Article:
If you’re lifting more than 110 kg/250 lbs squats or 40 kg/100 lbs (standing) barbell/dumbbells curls, then ignore this guide and get a proper (firm) training or lifting shoe instead. At this weight, a stable training shoe offers better safety than a soft running shoe.
For reference, we reviewed the Nike Metcon 7 – another gym-worthy training shoe for lifting and strength conditioning exercises.
In one of the previous editions of this guide, we recommended the New Balance Minimus Trail 10 V1 – a running shoe that was excellent on the treadmill while being flat and stable enough for weighted workouts.
Unfortunately, we no longer see it in New Balance’s assortment. On the bright side, New Balance sells a Minimus series of training shoes. Hence, these low-offset shoes (4 mm) continue to be an option. If we had to choose from that assortment, it would be the Minimus TR.
4. A planted forefoot and outsole grip: The shoe should grip well; exercises such as lunges, leg presses, or calf raises activate the ball (front) of the foot. The forefoot should be flexible too.
If this article had been written five years ago, various Nike Free running shoes would have received a mention. Since versatile Nike Free shoes are no longer available, Flex Experience RN 11 is the next best thing.
5. Sufficient cushioning: Ride comfort is desirable for treadmill runs, and that should co-exist with traits mentioned in points #1 to #4.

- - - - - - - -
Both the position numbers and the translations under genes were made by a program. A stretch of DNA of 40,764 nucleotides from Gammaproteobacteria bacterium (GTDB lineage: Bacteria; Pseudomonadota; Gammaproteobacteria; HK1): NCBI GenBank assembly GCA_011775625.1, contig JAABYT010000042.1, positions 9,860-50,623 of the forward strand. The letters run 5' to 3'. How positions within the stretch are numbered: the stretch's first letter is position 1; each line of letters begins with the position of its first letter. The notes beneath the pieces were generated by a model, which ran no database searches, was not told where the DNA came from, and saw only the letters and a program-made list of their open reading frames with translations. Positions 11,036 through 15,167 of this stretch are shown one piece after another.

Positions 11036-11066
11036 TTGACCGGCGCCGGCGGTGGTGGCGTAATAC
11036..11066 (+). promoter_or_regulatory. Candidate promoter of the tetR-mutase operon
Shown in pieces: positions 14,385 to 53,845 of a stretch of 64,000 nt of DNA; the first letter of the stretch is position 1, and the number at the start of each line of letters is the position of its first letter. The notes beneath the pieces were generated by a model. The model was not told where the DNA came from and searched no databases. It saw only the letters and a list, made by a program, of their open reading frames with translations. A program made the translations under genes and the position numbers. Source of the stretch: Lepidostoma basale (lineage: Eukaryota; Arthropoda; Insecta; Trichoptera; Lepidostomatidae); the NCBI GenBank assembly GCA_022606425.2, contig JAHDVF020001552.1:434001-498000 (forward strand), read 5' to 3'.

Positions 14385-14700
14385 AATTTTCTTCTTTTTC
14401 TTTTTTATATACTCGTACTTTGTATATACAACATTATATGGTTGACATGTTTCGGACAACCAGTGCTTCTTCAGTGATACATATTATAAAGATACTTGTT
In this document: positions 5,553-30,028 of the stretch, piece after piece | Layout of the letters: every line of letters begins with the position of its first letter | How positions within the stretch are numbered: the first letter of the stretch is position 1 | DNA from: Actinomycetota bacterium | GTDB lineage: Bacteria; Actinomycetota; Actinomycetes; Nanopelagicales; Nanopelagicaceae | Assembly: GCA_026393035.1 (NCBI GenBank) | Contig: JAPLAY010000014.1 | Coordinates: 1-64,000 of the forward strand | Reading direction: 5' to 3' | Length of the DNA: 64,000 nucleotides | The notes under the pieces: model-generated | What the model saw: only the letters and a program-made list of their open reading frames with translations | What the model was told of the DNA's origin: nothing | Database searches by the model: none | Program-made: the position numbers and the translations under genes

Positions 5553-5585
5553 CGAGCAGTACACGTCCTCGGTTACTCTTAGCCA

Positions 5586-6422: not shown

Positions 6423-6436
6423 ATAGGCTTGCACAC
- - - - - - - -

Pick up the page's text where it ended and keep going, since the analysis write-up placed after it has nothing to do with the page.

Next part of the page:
Without further ado, here’s a list of the seven best shoes for gym and weight training – sorted in Solereview’s order of preference.
This list applies only if the gym workout includes running. Else, buying a pair of Vans canvas sneakers is a cost-effective way of meeting most weight-training needs.
1) adidas UltraBoost Light
The Ultraboost Light isn’t strictly a running shoe, but that doesn’t make it less friendly for the gym. You see, the Ultraboost went through a transformative design with the UB-22; the Ultraboost Light is based on a similar design.
Just like the 22, the ultra-wide midsole of the Ultraboost Light supports the heel for better ride stability. The plastic clip on the snug upper also helps secure the foot.
The Continental rubber outsole and Torsion shank increase the overall stability by making the ride stiffer. Also, the Ultraboost Light has a deeper transition groove (under the heel) than the Ultraboost 22, and that leads to marginal gains in stability.
The cushioned Boost midsole makes treadmill runs comfortable, whereas the stable midsole and narrow upper keep the foot supported during weight training sessions. The Continental rubber outsole grips well over treadmill belts and rubber tiles.
2) Nike Flex Experience Run 11
In the absence of suitable Nike Free models, the Flex Experience 11 is the next best thing.
The midsole has deep, side-to-side flex grooves that are inspired by the original Nike Free. The midsole isn’t very soft, so there’s adequate stability for weight training. The flexible nature of the midsole design is useful for treadmill runs, lunges, and box jumps.
The Flex Experience 11 has a more supportive rearfoot than the 10, as the heel no longer has the flex grooves. The newly acquired stability makes the V11 a better gym shoe than the V9 and V10.